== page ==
Peter Reader
CORE 1101 Journey of Transformation - Fall 2009

Ki Joo Choi
CORE 2101 Christianity in Dialogue - Fall 2009

Jerry Ruscingno
Department of Biology
BIOL1101 Introduction to Biology - Summer 09/ Fall 2010

2010-2011 Online Course Development Grant Awardees

Matthew Hale
Public Administration
PSMA 6003 Public Policy Process, Analysis and Evaluation - Spring 2011

Naomi Wish
Public Administration
PSMA7311 Foundations of the Nonprofit Sector - Fall 2011

Naomi Wish
Public Administration
PSMA7312Leadership and Management in Nonprofit Organizations - Spring 2011

Robert Pallitto
Public Administration
PSMA8313 Legal Issues in Nonprofit Organizations - Summer 2011

Stephanie Hauge
University Advancement
PSMA 7313 Resource Development in Nonprofit Organization - Summer 2011

Online Course Development Resources

The following resources are available for faculty to use in their online, hybrid and face-to-face courses.
Exemplar course:

Developed by Dr. Brigitte Koenig, Department of History, the course serves as an example of the amount of detail online students need in order to be successful in their online course. Faculty have commented that it is helpful to see a completed course as a reference when developing their own content. The exemplar course is changed every other year to highlight the work of other faculty.

Master course template:

The course development template which is built from the Quality Matters rubric and serves as the foundation for on-line course development project and aids faculty in creating their on-line course. The template consists of many resources including minimum technology requirements, the University's statement on students with disabilities, and helpful reminders to include specific course information. Template materials are updated twice a year to provide faculty and students with the most up to date information and best practices. These resources are useful for hybrid and face-to-face courses as well.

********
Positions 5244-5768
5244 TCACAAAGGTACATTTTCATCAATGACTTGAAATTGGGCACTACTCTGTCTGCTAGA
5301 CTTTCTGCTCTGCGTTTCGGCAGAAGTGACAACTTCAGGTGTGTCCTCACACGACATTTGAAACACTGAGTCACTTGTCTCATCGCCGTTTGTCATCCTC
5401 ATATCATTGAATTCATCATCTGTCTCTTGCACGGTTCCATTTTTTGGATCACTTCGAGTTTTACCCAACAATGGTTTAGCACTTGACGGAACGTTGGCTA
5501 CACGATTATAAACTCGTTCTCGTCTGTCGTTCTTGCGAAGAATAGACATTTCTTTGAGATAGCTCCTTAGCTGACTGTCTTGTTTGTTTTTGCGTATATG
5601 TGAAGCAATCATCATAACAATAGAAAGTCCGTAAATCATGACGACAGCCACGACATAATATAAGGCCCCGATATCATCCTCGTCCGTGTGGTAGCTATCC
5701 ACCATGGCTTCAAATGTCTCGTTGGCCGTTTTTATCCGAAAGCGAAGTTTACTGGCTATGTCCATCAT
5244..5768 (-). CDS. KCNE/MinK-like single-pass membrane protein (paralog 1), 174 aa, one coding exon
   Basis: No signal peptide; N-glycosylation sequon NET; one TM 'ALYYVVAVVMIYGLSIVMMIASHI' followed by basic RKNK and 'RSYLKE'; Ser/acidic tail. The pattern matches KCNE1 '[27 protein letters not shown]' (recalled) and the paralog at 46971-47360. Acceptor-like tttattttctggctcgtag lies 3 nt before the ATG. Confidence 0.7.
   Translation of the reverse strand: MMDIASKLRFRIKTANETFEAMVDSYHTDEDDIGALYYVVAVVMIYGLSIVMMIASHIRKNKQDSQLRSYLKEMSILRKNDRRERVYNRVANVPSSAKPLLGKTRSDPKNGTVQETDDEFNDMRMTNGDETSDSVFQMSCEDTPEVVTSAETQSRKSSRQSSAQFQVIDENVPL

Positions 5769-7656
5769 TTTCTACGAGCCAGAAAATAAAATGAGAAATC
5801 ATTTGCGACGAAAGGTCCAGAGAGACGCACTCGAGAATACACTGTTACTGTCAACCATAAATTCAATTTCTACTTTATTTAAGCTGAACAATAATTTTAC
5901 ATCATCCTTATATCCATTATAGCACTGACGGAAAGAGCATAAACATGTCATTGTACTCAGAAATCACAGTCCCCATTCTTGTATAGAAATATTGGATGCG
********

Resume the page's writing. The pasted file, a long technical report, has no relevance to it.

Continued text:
Content development templates:

Content templates that match the Quality Matters Rubric™ expectations as well as the layout in the master course template help faculty in developing their course materials by clearly identifying the must haves such as response time for communication and by providing an example from other online course. The examples are used with faculty permission as highlights their hard work. There are several content templates including faculty information, course participation requirements, course welcome, and worksheets for developing measurable course goals and learning objectives. The word templates are easy to fill out and helps faculty with organizing their content. The examples in each template show faculty what level of detail is needed and how the standards can be phrased. By using these templates faculty are able to focus on content development rather than ‘building’ the course in Blackboard. However, this is not to say that technical skills are not important to offer, successfully, an online course.

Personal technology learning plan:

The checklist asks faculty to identify areas (Blackboard based) in which they need further training or would like to learn more about to manage their course. The checklist also serves are a direct marketing tool for workshops and Teaching and Technology Center events. The instructional design team works with the computer-training center to ensure faculty have the necessary skills to facilitate an online course with confidence.

Course development checklist:

This simple checklist provides faculty and instructional designer with a simple list of items that need to be in the course to meet Quality Matters™ expectations.

Online faculty experience course: level 1 and level 2:

These 12-day online courses allow faculty to experience online learning from the student perspective. Each course is divided into 5 modules; each module includes course development tutorials, developed in Articulate, content templates, Blackboard tutorials, resources, guidelines, and assignments to reinforce key areas of online course development and teaching. The courses are facilitated by an experienced online faculty member and members of the instructional design team.

Online Teaching and Learning Organization:
The Online Teaching and Learning Organization aims to build a community for online educators by providing focused webinars, research, master template updates, best practices, and resources. External and SHU faculty are featured in the hour long webinars, held on the last Tuesday of each month. The webinars highlight faculty best practices, tips, and tools used in their online course. Following the webinar, the discussion continues in the discussion forum located within the organization allowing additional time for questions and collaboration with the presenters and other online faculty.

To develop an on-line course using these materials, please contact Renee M. Cicchino, Senior Instructional Designer, at Renee.Cicchino@shu.edu.

Contact Us

Department of Information Technology
(973) 275-2222
Corrigan Hall